I have always believed that growing up first takes place at a physical level to be followed by that at a mental and emotional level sooner or later. It is feeling which almost seems tangible at times. Milestones in the process of growing up solidify growth at a mental and emotional level. For instance, the thrill of owning a bicycle and take it out on a ride significantly marks growth (the liberating feeling is a substantial proof to it). The trill doubles when the bicycle turns into a motorcycle. And when the motorcycle gives way to a four-wheel ride, people say, “Oh! You’ve grown up”.
In a way, vehicles are significant markers of age (well, almost). If you drive well, you have been driving for long or you are a natural. If you drive badly, you are either a woman (generalisation and its flaws) or are still wet behind the ears. Driving is a skill we all try to master. So, a world without drivers would be a major setback for the humans, right?
Well, somebody needs to explain his out to Google who has come up with yet another version of self-driving cars. This time, you cannot even drive this car if the mood strikes. It is steeringless, pedalless and buttonless, all in all a lot of less which Google expects to do a lot for the society.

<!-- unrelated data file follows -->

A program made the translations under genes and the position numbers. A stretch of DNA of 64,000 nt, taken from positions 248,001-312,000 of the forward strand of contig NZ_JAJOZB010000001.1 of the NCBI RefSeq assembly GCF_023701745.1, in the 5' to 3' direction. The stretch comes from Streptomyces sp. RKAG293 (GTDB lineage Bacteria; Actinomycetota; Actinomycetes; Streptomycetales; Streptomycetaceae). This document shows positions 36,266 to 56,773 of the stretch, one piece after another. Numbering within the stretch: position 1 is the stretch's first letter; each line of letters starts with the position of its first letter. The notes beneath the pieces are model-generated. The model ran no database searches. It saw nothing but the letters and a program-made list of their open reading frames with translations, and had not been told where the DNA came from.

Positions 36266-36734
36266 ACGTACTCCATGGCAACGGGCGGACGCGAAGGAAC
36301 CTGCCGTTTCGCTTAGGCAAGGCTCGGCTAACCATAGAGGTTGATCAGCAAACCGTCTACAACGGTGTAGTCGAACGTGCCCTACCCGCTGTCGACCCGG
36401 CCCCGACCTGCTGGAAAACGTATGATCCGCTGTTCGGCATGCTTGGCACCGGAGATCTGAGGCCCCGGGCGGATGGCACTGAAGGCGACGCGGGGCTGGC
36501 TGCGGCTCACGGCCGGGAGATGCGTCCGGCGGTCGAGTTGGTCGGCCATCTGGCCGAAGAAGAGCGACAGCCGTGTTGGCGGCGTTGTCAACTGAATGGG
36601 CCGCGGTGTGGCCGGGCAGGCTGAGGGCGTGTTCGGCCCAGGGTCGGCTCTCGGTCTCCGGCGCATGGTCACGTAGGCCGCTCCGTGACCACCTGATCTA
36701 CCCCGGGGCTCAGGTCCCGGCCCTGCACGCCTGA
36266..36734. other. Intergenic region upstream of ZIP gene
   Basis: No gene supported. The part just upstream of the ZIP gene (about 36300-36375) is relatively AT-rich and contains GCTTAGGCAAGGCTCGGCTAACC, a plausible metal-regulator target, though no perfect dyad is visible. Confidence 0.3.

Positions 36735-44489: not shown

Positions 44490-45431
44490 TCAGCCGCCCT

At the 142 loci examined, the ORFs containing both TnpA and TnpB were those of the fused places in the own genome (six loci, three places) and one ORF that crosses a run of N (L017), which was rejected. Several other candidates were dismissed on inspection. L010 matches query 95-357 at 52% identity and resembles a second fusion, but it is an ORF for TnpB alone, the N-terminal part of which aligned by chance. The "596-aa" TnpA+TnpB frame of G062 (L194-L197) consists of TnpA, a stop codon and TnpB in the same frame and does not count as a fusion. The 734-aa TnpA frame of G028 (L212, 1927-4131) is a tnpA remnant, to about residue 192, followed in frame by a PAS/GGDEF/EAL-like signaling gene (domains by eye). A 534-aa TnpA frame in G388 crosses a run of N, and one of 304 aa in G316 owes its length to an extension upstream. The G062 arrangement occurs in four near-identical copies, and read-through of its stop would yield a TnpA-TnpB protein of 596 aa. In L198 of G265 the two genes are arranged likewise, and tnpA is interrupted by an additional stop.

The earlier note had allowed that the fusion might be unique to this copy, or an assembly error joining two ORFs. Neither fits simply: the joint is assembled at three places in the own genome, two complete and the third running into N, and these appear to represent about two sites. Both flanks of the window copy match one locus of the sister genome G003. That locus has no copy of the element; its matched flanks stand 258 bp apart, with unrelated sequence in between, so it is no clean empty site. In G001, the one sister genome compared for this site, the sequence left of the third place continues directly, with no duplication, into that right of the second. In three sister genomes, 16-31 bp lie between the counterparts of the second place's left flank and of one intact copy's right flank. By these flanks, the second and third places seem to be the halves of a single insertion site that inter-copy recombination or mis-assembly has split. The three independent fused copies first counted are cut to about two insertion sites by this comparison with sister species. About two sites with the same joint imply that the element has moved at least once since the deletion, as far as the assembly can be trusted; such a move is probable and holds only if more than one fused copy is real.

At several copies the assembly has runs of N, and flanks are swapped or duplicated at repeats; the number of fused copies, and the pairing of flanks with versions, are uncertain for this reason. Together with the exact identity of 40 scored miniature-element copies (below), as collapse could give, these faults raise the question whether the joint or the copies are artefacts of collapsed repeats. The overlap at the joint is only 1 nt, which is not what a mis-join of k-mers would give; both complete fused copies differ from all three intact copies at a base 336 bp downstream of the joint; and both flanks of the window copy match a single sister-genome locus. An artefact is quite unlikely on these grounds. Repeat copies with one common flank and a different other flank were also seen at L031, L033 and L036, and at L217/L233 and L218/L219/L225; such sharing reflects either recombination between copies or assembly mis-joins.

But, who would want to get into a tech phantom car? Somebody may (maybe that somebody would be from the Google promotional team). Google claims the driverless cars to be as safe as safe can be. It has loads of foam to boast of, is super light and duper slow (what?). These features would precisely do what? Well, in case you get hit by one of these cars then you may walk out of it feeling like a superhero. Why is that? The car would literally bounce back- danger diverted (according to Google).
Google is out on a mission to clean up the harried drivers out without a purpose on busy city roads. Google’s driverless cars would eliminate all the dangers of a city road and make the world a much better place (as claimed by Google). Due to lack of mechanism, human interference would be eliminated and the roads, thus, would be a much safer place.
But then, what would happen to the thrill of getting a driver’s licence for the first time? What would happen to exciting road trips? How would it feel to own the same car as your neighbour next door (and the neighbour’s neighbour, for that matter).
The only good thing about these driverless cars I can think of is the help it would impart to physically challenged personals. But for the rest, we love to be in control behind the wheels, don’t we?